Timothy Gyves works in Pittsburgh, one of the Top Markets For Real Estate Agents, according to an Inman Special Report.
Timothy C. Gyves doesn’t have a Facebook page. But he is no Luddite. In fact, Gyves uses iBooks to organize his paperwork. Simply put, the Coldwell Banker sales associate realizes that technology can be both an asset and a liability.
Gyves favors the tools that keep him mobile. He divides his time between home, office, and café so that he’s out, working, in the communities he serves. Gyves filled InmanNext in on his take on the tech blend that makes that happen.
What is the #1 “tech challenge” you are faced with?
Technology offers amazing potential for productivity and similar potential for distraction. I’ve come to learn that, all clients are different when it comes to the proper approach to incorporating it into the relationship.
Are you involved in social networking – I.e. Facebook and Twitter. If so, briefly tell us how you use it to build your business. If you are not please tell us why.
I’ve steered clear of Facebook, but I have tried to build an active following on Twitter among side with people in Pittsburgh’s art, design, and nonprofit community, because that’s both my professional background and it is what’s important to me, personally. It has helped me get to know both people and organizations I wouldn’t have otherwise. I’m established as “photographer Tim from Point Breeze who knows philanthropy, cares about what I do, and can help me buy a house” instead of just another open house tweeting real estate agent.
Do you use tools to work “paperlessly” like Docusign or DotLoop? Why/Why not? How important is that to you?
I’ve signed up for and become familiar with Docusign, but haven’t found it to be an ideal fit yet for all parties. It may prove useful for out of town sellers/buyers for obvious reasons – we have many folks moving here from elsewhere and sellers who no longer live in Pittsburgh.
Tell us about your website and/or blog – how many leads do you generate from your site on a monthly basis? Is that an important part to your business?
I don’t maintain a business blog, but have set up detailed profile pages on the major real estate websites like Trulia, Zillow, and Realtor.com, as well as LinkedIn, and make sure that all easily linked back to my dedicated page on Coldwell Banker’s Pittsburgh site. That way I’m able to be easily contacted about not only my own listings, but also the areas and neighborhoods with which I identify.
How important do you feel content creation is to your business – I.e. social media posts, blogging, email newsletters? Do you create content yourself or do you outsource part of it?
I always forget what the approved content mix maxim is, but I try to maintain a consistent mix of things I care about; things that are of relevant for people interested in real estate, architecture, and design here and elsewhere. My business anecdotes are about client searches, open houses, listings, and sales. I also RT liberally when it’s something that matters to me and try to promote content of colleagues and other interested parties.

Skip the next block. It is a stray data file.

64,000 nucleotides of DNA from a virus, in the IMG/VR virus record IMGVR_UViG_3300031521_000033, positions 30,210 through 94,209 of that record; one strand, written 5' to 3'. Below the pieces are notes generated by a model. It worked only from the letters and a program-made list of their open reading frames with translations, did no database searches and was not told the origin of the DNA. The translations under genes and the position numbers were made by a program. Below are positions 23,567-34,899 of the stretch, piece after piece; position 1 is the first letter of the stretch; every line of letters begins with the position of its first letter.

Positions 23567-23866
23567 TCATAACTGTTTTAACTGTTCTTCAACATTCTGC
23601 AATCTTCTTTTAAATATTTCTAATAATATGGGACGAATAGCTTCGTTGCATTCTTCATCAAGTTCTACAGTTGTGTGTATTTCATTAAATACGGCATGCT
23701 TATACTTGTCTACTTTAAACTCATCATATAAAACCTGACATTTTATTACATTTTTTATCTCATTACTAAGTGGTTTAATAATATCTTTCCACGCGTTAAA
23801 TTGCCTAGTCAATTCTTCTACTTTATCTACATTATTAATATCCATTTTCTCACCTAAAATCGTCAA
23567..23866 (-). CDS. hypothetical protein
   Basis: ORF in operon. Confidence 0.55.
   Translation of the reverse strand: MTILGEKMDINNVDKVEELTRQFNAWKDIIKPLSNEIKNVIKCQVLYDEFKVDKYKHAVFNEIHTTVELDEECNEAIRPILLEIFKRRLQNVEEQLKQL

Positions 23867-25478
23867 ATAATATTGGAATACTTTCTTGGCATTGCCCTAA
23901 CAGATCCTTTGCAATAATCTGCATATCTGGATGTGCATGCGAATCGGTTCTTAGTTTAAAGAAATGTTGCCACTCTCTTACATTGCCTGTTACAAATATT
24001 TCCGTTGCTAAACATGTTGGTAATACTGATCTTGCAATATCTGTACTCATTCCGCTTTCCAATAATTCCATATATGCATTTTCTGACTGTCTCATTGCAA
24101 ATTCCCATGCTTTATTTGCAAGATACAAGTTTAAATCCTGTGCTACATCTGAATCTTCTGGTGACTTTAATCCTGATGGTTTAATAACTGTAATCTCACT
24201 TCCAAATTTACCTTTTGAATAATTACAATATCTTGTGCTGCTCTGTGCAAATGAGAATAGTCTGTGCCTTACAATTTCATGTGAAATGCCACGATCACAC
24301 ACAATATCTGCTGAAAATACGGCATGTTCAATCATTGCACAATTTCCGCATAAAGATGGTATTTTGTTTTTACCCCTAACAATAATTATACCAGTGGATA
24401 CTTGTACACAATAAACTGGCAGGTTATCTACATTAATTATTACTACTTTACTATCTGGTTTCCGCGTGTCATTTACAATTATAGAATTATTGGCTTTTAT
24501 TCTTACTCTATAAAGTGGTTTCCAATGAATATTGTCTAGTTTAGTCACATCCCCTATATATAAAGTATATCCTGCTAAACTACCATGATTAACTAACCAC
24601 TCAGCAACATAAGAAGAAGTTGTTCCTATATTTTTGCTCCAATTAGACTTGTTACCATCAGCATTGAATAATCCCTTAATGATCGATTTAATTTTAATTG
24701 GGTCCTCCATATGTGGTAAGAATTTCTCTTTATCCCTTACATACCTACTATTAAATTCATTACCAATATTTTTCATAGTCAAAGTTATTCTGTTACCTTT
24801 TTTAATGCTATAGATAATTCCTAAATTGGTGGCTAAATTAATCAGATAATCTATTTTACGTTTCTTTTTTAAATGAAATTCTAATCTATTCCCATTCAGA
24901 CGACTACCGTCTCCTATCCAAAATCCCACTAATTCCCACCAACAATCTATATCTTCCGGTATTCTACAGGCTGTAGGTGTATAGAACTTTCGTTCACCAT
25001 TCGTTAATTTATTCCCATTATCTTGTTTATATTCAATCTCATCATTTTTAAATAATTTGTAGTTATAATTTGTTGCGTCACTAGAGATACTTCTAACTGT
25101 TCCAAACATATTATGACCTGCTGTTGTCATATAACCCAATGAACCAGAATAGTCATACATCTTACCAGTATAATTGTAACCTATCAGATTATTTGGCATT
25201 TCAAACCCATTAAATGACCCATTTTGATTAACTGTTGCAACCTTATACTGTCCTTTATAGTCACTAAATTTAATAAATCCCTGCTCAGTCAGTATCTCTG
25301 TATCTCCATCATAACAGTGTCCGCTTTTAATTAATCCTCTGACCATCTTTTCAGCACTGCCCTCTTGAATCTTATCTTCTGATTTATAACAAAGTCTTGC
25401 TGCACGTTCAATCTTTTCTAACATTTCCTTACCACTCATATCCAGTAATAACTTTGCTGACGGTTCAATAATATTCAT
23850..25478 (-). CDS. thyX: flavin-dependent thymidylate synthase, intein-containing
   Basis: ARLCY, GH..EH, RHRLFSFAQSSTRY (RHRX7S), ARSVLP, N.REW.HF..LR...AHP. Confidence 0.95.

How do you balance your time? Are there any tools you use to make juggling everything easier?
By syncing my calendars on all my devices. I also try to keep a mixed schedule between the office, home office, and coffee shop in the neighborhoods where I live, work, and play. I had a desk job for a decade, and I remind myself that this is not one of them. Maybe most importantly, I have a wife who reminds me this need not be an all-consuming job.
What is the most important tech tool or app you use on a daily basis?
Email on iPhone and iPad-keeps it from building up, since I don’t stay in one place for long.
What type of smartphone do you use? iPhone, Droid, Blackberry?
Do you use a tablet device? How has it changed your business?
iPad – it’s enabled me to bridge the gap between my phone and laptop in a way that’s both useful and efficient. I’d been trying to carry on too much business on the phone alone, and it often did a number on my eyes and patience. I can get real work done on the iPad without lugging around a laptop and the 3G monthly plan has helped me when I’m without Wi-Fi or on vacation. Real Estate and other apps like Trulia, Realtor.com, The New Yorker were useful tools on the iPhone and are now even easier to access and utilize. I also use iBooks to organize copies of sales agreements, sellers disclosures, and blank paperwork to be sent out to clients. It makes it really easy to email from so I don’t have to hunt for attachments.
What is a specific lead generation campaign that you did in your local market that worked well and why?
I’m not from Pittsburgh – my wife grew up here – and moved here from New York City, so I’ve put a lot of effort into engaging with people who are moving here from other cities, as we did three years ago. On my profile pages, LinkedIn, Twitter, and in social interactions, I’ve reached out to others in a similar situation – it’s helped brand me as an outsider who can be recommended to others who may better relate to someone who is either a first time home buyer, new to this city, or both.
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